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Former England soccer captain Danny “the Mean Machine” Meehan (Vinnie Jones) is on a downward spiral. His career has been ruined by match fixing allegations, and his only solace is in alcohol. He gets into a car chase with police and when he assaults the officers, Danny gets three years jail. The Governor’s (David Hemmings) gambling problems are largely due to Sykes (John Forgeham), the prison kingpin. When Danny arrives, the Governor wants him to coach the prison team. Mr Burton (Ralph Brown), a tough warder and current coach makes sure that doesn’t happen; but Danny seizes on a new idea – a cons v guards football match as a “pre-season friendly”. The Governor embraces the idea – as it’s one which gives him the chance to get rid of some pesky gambling debts. But for the rag-tag cons team, the game means a lot more.

Review by David Edwards:
Perfectly timed just after the soccer World Cup and the theatrical success of Bend it Like Beckham, this DVD release features the irrepressible Vinnie Jones in his first leading role, after supporting parts in films like Snatch. Thankfully for Vinnie, he gets to do what he does best – play football as tough and hard as he did in the Premier Division. The film itself is actually a remake of The Longest Yard, Robert Aldrich’s 1974 film starring Burt Reynolds. The action has been switched from the US to the UK, and the sport is changed from American football to soccer (although you’d hardly know it from some of the scenes here); but at its heart, this is still a straightforward story about triumphing against the odds.

To its credit though, the screenplay for Mean Machine does at least try to update the story somewhat. Instead of sheer sadism being the motivation for the game, we have a more complex web of prison politics and personal frailty. The guards team is not out to physically maim the inmates, but rather to maintain a very British sense of pride and discipline. Skolnick directs the film with considerable panache in his directorial debut, and Eddie Hamilton’s editing is a real highlight. The soccer sequences are staged with a blend of realism and theatrics (it wouldn’t be a prison movie without a few big hits, now would it).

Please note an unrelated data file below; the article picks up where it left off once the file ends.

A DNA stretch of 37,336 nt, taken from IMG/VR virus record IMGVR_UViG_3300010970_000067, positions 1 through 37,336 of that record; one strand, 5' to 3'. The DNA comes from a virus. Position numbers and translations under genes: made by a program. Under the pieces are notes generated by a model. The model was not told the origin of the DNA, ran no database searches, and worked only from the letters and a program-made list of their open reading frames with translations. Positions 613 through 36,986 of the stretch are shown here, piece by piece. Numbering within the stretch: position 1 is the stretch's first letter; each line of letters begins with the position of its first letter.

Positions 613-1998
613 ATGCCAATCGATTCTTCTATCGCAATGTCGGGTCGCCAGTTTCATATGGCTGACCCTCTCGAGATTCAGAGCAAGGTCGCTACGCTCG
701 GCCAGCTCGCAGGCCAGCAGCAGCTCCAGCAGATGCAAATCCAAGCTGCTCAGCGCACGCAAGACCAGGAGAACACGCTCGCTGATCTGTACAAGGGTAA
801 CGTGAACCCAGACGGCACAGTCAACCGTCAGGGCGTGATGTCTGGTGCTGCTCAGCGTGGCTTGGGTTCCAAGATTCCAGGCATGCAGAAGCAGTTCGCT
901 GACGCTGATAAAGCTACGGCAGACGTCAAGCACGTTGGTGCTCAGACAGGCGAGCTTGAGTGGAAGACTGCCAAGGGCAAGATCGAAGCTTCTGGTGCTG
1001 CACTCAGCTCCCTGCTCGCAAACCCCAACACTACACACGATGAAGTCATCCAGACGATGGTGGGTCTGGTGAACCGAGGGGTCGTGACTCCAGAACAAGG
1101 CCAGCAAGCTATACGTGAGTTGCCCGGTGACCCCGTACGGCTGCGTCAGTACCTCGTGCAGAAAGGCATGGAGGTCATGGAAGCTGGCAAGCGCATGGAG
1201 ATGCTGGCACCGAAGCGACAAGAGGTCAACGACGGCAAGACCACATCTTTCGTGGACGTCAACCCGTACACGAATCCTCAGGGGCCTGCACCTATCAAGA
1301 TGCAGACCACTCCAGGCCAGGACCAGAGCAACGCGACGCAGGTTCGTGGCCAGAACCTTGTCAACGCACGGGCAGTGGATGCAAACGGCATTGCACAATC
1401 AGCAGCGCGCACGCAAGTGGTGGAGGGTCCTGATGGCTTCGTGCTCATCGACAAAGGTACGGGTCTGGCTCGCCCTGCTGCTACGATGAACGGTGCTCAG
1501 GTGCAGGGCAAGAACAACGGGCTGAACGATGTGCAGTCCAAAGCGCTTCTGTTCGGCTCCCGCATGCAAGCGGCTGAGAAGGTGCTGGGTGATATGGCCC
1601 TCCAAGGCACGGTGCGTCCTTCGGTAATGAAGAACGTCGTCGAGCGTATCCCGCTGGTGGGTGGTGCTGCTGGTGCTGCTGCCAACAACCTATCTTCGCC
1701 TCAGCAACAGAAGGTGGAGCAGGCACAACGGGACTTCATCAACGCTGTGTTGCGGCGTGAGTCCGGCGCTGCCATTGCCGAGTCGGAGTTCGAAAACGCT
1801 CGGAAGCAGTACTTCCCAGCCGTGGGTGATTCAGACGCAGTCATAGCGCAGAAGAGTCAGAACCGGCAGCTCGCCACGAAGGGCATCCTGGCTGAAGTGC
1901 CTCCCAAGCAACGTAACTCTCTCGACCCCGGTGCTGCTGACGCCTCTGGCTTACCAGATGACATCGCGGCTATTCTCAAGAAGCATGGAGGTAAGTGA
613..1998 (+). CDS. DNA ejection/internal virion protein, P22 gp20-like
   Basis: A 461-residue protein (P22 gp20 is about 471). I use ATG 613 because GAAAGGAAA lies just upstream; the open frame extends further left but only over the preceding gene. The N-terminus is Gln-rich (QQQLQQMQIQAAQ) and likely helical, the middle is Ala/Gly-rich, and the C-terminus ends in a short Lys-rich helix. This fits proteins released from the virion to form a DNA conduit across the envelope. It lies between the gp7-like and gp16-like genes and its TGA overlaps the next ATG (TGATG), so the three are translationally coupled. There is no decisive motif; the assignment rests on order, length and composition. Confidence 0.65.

Its main problem though is that it takes a long while to get where it’s going, introducing and dispensing with characters along the way. The crucial event that gives the cons added incentive to win isn’t handled particularly effectively, lessening its impact in the overall scheme of things. The film also tends to concentrate heavily on Danny Meehan, leaving many of the supporting characters under-developed, to the extent that their presence is almost superfluous. Vinnie Jones is wonderful in a role that’s admittedly tailor-made for him. He actually shows a lot of depth and isn’t the out-and-out thug that might have been expected from his other film outings. He’s well supported by David Hemmings as the gullible prison warden, and Ralph Brown as the chief guard. Jason Statham (another Snatch alumnus) gets probably the plum of the supporting roles as the dangerous Monk.

As a DVD package, Mean Machine doesn’t offer a lot for hardcore DVD buffs, with little in the way of special features. There’s a choice of languages and scene selection, but not even so much as a “making of” featurette for those wanting to delve into the film. It does have one little curiosity though, the option of the “original” UK release soundtrack and the “domestic” (ie American) soundtrack, with modified dialogue so that some of the thicker accents can be understood. Not a bad choice if you’re struggling to keep up with the varied patois. 

Mean Machine isn’t the greatest sports movie (or the greatest prison movie, for that matter) ever made, but it is certainly a well-made film with quite a few exciting moments and plenty of humour. If you’re after subtlety or deep themes, look elsewhere. But if you’re after a popcorn movie with blokes hitting each other hard while kicking a ball, this could be for you.

Published October 10, 2002

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CAST: Vinnie Jones, David Hemmings, Ralph Brown, Jason Statham

DIRECTOR: Barry Skolnick

RUNNING TIME: 98 minutes

PRESENTATION: Widecreen enhanced for 16 X 9; Dolby Digital; English 5.1 surround; French 5. surround; German 5.1 surround; Italian 5.1 surround; Spanish 5.1 surround; English subtitles for the hearing impaired

SPECIAL FEATURES: Language selection, subtitles, scene selection

DVD DISTRIBUTOR: Paramount Pictures Video

DVD RELEASE: October 18, 2002

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